Fight fans have likely heard by now how thrilling blood and guts ring warrior Tony DeMarco has passed away, the former welterweight king passing away yesterday in hospital at the age of 89. A Hall of Famer who thrilled so many fans with his stirring ring battles against the likes of Carmen Basilio, Johnny Saxton, Jimmy Carter and Kid Gavilan, DeMarco ruled the 147 pound division for a little over two months in 1955.
Photo: Boxing Hall Of Fame
DeMarco, born Leonardo Liotta, of immigrant, Sicilian parents, was born in Boston and he fought most of his fights there. A rough and tough warrior with a most crowd-pleasing style, DeMarco added plenty to the golden age that was the 1950s. DeMarco’s two fights with the equally tough and gutsy Basilio are legendary; the second fight especially. After beating Saxton by 14th round TKO on April 1 in 1955, DeMarco, then aged just 23 and sporting a 46-5-1 pro record, made his first defence against “The Onion Farmer.”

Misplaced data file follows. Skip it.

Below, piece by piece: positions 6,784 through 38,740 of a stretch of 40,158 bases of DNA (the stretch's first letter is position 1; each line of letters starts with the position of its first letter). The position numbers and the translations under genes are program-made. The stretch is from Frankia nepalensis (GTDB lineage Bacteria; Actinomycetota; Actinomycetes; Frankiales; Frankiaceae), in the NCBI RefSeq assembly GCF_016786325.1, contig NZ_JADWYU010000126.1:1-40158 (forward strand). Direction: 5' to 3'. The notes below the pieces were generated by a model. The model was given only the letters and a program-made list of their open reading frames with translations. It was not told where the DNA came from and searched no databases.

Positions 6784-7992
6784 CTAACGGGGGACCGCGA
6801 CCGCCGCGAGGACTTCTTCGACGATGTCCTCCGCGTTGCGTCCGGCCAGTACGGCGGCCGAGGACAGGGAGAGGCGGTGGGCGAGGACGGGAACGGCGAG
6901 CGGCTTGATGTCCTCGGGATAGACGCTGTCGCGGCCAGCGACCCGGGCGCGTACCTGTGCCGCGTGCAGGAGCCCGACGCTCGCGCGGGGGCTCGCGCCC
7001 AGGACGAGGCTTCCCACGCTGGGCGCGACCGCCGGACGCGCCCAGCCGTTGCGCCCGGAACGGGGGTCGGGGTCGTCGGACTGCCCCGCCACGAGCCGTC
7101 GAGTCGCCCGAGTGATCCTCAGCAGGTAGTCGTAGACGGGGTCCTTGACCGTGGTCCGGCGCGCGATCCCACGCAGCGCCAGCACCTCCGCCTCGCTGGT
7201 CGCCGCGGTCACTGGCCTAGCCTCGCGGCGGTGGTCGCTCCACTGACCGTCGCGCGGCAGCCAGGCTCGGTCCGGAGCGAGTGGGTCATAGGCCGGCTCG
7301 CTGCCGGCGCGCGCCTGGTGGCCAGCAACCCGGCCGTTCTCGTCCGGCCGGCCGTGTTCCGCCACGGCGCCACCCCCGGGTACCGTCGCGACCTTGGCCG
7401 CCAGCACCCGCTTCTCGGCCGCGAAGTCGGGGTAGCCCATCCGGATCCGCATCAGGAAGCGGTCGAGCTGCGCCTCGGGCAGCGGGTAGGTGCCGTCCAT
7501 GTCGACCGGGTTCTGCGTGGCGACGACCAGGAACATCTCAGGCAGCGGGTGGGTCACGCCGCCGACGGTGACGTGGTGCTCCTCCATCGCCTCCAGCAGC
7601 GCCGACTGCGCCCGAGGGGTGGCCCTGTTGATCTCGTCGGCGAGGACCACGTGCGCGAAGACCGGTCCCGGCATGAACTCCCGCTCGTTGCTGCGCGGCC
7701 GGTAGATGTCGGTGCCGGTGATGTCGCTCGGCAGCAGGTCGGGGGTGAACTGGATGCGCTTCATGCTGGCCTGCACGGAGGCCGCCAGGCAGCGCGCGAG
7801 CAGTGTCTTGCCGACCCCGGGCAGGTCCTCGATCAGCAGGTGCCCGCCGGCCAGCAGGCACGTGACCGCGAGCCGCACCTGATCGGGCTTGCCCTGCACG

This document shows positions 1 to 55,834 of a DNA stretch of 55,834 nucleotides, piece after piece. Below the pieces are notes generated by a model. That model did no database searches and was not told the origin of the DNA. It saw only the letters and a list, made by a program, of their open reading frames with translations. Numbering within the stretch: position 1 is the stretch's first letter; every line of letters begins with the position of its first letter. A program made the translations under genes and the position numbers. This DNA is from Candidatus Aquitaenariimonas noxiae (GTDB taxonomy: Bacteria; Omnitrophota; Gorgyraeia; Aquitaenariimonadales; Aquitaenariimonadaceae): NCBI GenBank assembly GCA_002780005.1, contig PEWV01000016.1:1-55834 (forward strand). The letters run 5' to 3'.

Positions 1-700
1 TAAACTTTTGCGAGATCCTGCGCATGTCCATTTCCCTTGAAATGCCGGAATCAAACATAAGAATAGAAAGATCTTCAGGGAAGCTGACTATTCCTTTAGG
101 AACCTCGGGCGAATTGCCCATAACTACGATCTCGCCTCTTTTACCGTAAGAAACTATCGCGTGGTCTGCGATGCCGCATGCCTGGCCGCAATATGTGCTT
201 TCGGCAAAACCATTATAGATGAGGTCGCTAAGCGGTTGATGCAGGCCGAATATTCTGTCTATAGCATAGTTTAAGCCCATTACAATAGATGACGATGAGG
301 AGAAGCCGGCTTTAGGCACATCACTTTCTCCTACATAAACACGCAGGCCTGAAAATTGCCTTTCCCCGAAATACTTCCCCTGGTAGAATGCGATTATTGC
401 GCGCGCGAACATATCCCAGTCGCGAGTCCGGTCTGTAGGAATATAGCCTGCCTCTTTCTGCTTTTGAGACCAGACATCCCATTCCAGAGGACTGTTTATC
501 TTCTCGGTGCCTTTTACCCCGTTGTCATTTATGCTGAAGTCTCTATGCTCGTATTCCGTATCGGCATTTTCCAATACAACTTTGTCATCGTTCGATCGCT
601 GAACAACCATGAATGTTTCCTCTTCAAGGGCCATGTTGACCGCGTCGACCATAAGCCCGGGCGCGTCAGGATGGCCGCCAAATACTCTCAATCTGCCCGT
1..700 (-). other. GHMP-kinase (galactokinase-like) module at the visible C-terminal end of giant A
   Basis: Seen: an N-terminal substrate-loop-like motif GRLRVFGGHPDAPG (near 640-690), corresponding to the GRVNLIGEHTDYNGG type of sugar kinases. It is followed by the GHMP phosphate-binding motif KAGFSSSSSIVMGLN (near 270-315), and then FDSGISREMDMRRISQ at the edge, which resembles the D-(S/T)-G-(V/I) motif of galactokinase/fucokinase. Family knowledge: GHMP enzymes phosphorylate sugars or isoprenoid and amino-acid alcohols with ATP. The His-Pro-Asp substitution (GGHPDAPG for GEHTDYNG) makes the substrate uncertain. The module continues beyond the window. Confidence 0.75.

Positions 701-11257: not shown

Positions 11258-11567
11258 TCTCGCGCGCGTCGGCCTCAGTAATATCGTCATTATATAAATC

DeMarco and Basilio engaged in two blistering firefights that continue to be talked about here in more modern times (the great Emmanuel Steward, when co-commentating on the first epic Gatti-Ward fight, recalled the ferocity of the DeMarco-Basilio wars). Basilio defeated DeMarco twice, both times by 12th round stoppage, yet both men gave their all. Indeed, during the brutal 7th round of the rematch, Basilio’s trainer, the legendary Angelo Dundee, screamed at his fighter to drop and take a knee, so badly was Carmen being pounded (Basilio ignored Angie).
DeMarco fought on after The Ring Magazine Fight of the Year for 1955, for a further seven years, and he earned big wins over the likes of Gavilan (UD10) and Don Jordan (KO2), while he also had two hard fights with Virgil Akins, DeMarco losing both via late stoppage defeat. DeMarco never again fought for the world title. Retiring in 1962, DeMarco exited with a 58-12-1(33) record.
DeMarco was enshrined in The Hall of Fame in 2019. A statue of DeMarco was erected in Boston in 2012. DeMarco, known as “The Boston Bomber” really was one of the greats, and one of the most exciting. May he rest in peace.